Impulsivity and Reward Sensitivity: Attentional and Emotional Factors Underlying Stimulus-Reward Learning
Impulsivity , Reward Sensitivity , Associative Learning , Contingency Awareness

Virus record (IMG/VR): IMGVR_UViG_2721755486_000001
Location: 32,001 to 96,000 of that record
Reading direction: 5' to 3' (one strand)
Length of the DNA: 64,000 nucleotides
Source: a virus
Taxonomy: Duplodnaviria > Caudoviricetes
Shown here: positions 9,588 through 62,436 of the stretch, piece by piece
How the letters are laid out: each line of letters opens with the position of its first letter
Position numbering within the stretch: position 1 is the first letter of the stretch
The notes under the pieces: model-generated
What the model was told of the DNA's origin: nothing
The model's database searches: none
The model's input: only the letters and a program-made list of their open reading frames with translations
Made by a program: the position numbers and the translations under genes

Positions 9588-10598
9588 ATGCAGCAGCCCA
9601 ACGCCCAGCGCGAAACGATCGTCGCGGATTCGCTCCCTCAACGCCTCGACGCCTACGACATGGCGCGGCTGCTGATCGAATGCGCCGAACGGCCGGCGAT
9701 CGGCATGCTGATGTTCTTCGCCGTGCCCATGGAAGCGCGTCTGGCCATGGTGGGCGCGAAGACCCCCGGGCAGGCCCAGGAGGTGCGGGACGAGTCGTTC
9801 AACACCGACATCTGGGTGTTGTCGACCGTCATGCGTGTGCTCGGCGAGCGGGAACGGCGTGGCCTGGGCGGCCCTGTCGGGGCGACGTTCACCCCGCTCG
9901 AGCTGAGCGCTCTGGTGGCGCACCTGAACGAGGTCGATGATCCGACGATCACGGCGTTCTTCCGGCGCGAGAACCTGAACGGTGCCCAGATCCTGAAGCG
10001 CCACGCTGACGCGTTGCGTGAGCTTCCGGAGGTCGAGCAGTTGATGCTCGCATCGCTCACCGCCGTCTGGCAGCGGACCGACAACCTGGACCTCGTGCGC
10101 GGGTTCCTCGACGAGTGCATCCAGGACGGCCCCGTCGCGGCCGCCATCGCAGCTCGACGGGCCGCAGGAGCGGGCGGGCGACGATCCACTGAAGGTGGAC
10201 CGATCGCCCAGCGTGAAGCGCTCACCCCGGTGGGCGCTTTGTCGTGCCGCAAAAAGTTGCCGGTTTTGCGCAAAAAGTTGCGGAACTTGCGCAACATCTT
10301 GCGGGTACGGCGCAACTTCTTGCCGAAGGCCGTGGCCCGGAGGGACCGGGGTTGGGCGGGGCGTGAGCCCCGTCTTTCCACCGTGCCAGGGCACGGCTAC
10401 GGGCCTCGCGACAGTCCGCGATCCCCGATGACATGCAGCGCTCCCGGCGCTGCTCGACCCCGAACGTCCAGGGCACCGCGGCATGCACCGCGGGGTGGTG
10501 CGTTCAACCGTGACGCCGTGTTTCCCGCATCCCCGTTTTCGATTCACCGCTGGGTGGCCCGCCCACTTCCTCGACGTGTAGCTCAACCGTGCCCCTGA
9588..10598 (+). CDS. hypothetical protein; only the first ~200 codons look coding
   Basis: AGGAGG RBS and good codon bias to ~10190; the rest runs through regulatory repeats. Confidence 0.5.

Increased impulsivity and alterations in reward sensitivity co-occur in many psychiatric disorders. Moreover, individuals reporting more impulsive traits are less efficient in learning stimulus-reward associations. This suggests that impulsivity and reward sensitivity may be linked, consistent with evidence that the orbital frontal cortex (OFC) is implicated in both processes. This study examined the relationship between impulsive traits, assessed by the Barratt Impulsiveness Scale (BIS) and the Eysenck (EIQ), and performance on three behavioral tasks that measure impulsivity and reward sensitivity. The tasks included a Conditioned Pattern Preference (CPP) task, which measures the preference for abstract visual cues as an index of implicit emotional learning, a Probabilistic Reversal Learning (PRL) task that assessed the ability to alter behaviour when reward contingencies change and an Emotional Stroop task which assessed attentional control in response to emotionally salient stimuli. This study provided novel information on the relationship between processes that mediate impulsivity and reward sensitivity. In brief, subjects that were considered to have some explicit knowledge of experimental conditions showed a higher preference formation for the pattern paired with the reward on 90% of the conditioning trials. Although there was no overall effect of impulsivity, the medium impulsive group displayed the strongest preference formation (highest score for the 90% pattern and lowest score for the 10% pattern) compared to the low and high groups. Furthermore, there was an overall effect of Word Category in that participants made more errors for the emotional words (positive and negative) than the neutral words. There was no overall effect of Impulsivity on Stroop performance in this sample. Finally, for the PRL task more participants in the high impulsive group did not meet criterion for the Acquisition stage while more low impulsive subjects did not meet reversal criterion. Furthermore, high impulsive subjects made more overall errors in the Acquisition stage but not Reversal stage. In brief, low and high impulsive subjects performed sub-optimally on the CPP and PRL tasks but not on the Stroop task. This pattern reflects an inverted-U shaped relationship of the effects of impulsivity on associative learning.